Azure Static Web Apps supports Python 3.11. Here's how to build yours with Azure CLI.
A right of passage for many developers is to build their own website and many of us take on the harder task of using Python to do it.
I personally have been using my static site generator for years as a way to practice writing maintaining Python code.
When I joined Microsoft, I naturally wanted to move my site over to Azure as a way to learn how to deploy web applications to the platform.
I returned to work in 2023 to a wonderful surprise that Azure Static Web Apps and Web App Service now support Python 3.11.
Python 3.11 is Fast and Efficient
Python 3.11 brings about some of the first round major performance improvements that our own faster CPython team and others have been working on. Promises of performance Improvements between 10-60% seem to be holding up as PyPI saw a noticeable improvement on their system.
Python 3.11 delivers. pic.twitter.com/gqX8xb31ue— Python Package Index (@pypi) December 14, 2022
With that, let see how easy it is to deploy your website to Azure which most sites can deploy for free and take advantage of using Python 3.11 to deploy your site.
Deploying HTML through Python
As my Dev.to post mentioned, we can't really deploy python directly to a static web app as no static site generators have native support. That said, we can build our site in Python and then deploy the output and our workflow will include that.
This deployment process runs through GitHub Actions which means that we have the full flexibility of automating this process to our desire.
Before We Start
Before we start, we'll need to make sure that we have the following:
- A GitHub account
- A GitHub repo with your site's code
- A requirement.txt file with the following packages
Generate Your Azure Static Web App Resources
The first couple steps are the same:
- Login to Azure.
- Create a resource group. For valid locations check the [Products Available by Region] site
az group create \ --name my-static-app --location "westus"
- When you deploy your app, you will need to make sure that you set a few extra commands. We'll break down the options below the code.
az staticwebapp create \ --name my-first-static-web-app \ --resource-group my-swa-group \ --source "https://github.com/<GITHUB_USER_NAME>/my-static-web-app" \ --location "westus" \ --branch main \ --output-location "<OUTPUT_PATH>" --login-with-github
source is the Github url of your project. You will need to upload your data to Github or Azure DevOps. We'll be following the GitHub route which is why we also pass in a
Generate The Base Site
When you execute that last command, you will need to authenticate with GitHub. Login using the webserver and Authorize the app.
It will take a couple seconds but once completed, you should get some output. We can ignore this because most likely our deployment has failed. We'll fix that soon but looking at GitHub Actions for that repo we should now see a new action called Azure Static Web Apps CI/CD.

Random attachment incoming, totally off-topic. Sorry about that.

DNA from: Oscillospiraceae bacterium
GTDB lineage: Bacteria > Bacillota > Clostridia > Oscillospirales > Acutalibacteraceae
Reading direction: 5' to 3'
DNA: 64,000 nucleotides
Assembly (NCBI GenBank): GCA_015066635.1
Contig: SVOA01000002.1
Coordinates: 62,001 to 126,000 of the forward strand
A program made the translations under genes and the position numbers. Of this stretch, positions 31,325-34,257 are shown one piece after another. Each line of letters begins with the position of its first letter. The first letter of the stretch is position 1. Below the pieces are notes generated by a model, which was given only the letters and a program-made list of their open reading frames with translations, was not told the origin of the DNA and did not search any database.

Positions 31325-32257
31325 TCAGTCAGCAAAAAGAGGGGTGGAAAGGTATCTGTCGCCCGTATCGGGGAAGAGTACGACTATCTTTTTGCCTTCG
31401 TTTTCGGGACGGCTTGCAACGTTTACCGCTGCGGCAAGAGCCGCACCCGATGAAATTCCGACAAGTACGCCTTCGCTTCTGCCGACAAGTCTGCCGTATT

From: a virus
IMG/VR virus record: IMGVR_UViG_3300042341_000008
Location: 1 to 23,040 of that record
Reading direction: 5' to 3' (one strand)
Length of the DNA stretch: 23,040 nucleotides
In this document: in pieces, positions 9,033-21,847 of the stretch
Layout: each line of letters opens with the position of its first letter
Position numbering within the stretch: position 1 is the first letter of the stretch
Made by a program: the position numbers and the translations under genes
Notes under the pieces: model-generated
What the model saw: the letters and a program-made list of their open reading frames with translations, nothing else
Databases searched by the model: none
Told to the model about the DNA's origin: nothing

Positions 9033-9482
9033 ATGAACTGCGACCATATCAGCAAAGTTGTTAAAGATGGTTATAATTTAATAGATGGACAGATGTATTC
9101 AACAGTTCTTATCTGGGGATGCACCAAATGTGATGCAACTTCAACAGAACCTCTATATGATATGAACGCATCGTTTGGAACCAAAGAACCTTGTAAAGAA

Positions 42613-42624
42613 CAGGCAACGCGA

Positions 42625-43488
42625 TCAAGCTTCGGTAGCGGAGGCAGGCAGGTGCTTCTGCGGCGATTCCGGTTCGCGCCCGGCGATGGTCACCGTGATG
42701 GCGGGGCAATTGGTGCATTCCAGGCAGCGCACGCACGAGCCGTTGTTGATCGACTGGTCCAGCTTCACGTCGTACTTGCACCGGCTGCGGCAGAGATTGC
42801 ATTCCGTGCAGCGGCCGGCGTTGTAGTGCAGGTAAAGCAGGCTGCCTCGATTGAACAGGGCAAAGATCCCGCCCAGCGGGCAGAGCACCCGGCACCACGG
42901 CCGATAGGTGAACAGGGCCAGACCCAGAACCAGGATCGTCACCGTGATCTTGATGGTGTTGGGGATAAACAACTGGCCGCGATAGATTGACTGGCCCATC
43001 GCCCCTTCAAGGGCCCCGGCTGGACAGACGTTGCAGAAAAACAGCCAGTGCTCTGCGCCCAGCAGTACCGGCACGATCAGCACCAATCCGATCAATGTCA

We should also see a failed action trigger called add Azure Static Web Apps workflow file. Let's take a look at the failed action and learn why if failed and what we'll need to do to fix it.
Fixing the Failed Action
The action failed because we didn't have a build command setup.
Azure Static Web Apps notices the
requirements.txt file and runs
pip install -r requirements.txt to install the dependencies but that's it for us.
Even though the action failed, a new file was added to our repo called
.github/workflows/azure-static-web-apps-<UNIQUE_STRING>.yml. This file is what we'll be using to deploy our site.
We need to add additional steps using the this to our
POST_BUILD_COMMAND. If you have any kind of pre-processors (I'm using tailwindcss to build my site) add a shell script with all your steps and add the shell script in the action's build and deploy step as an envrioment variable. Alternatively, you can add the command used to build your site directly in the action's build and deploy step. eg.
jobs: build_and_deploy_job: if: github.event_name == 'push' || (github.event_name == 'pull_request' && github.event.action != 'closed') runs-on: ubuntu-latest name: Build and Deploy Job steps: - uses: actions/checkout@v2 with: submodules: true - name: Build And Deploy id: builddeploy uses: Azure/static-web-apps-deploy@v1 with: ... # There is a lot there env: POST_BUILD_COMMAND: ./build.sh
Make sure that your build script outputs to the
output-location that you specified in the
az staticwebapp create command.
Setting your build to Python 3.11
If you looked closely at the output of the failed action, you'll notice that the build is using Python 3.9. That's just the default at the present time. Fret not, we can change that.
We can set our build to use Python 3.11 by adding a PYTHON_VERSION environment variable to our action. This goes along with our
POST_BUILD_COMMAND environment variable.
env: POST_BUILD_COMMAND: ./build.sh PYTHON_VERSION: "3.11"
Once you make these changes you can commit and push them to your repo. This will retrigger the workflows. If all goes well, you should see a successful build and deploy. Selecting will reveal in the output a link to your site.
Higher in the action output, we can see that the site was built using Python 3.11
You've built your site but its probably not at the URL that you would like. You can change that by going into the Azure portal and setting a custom domain.
But now you have a static web app running on azure.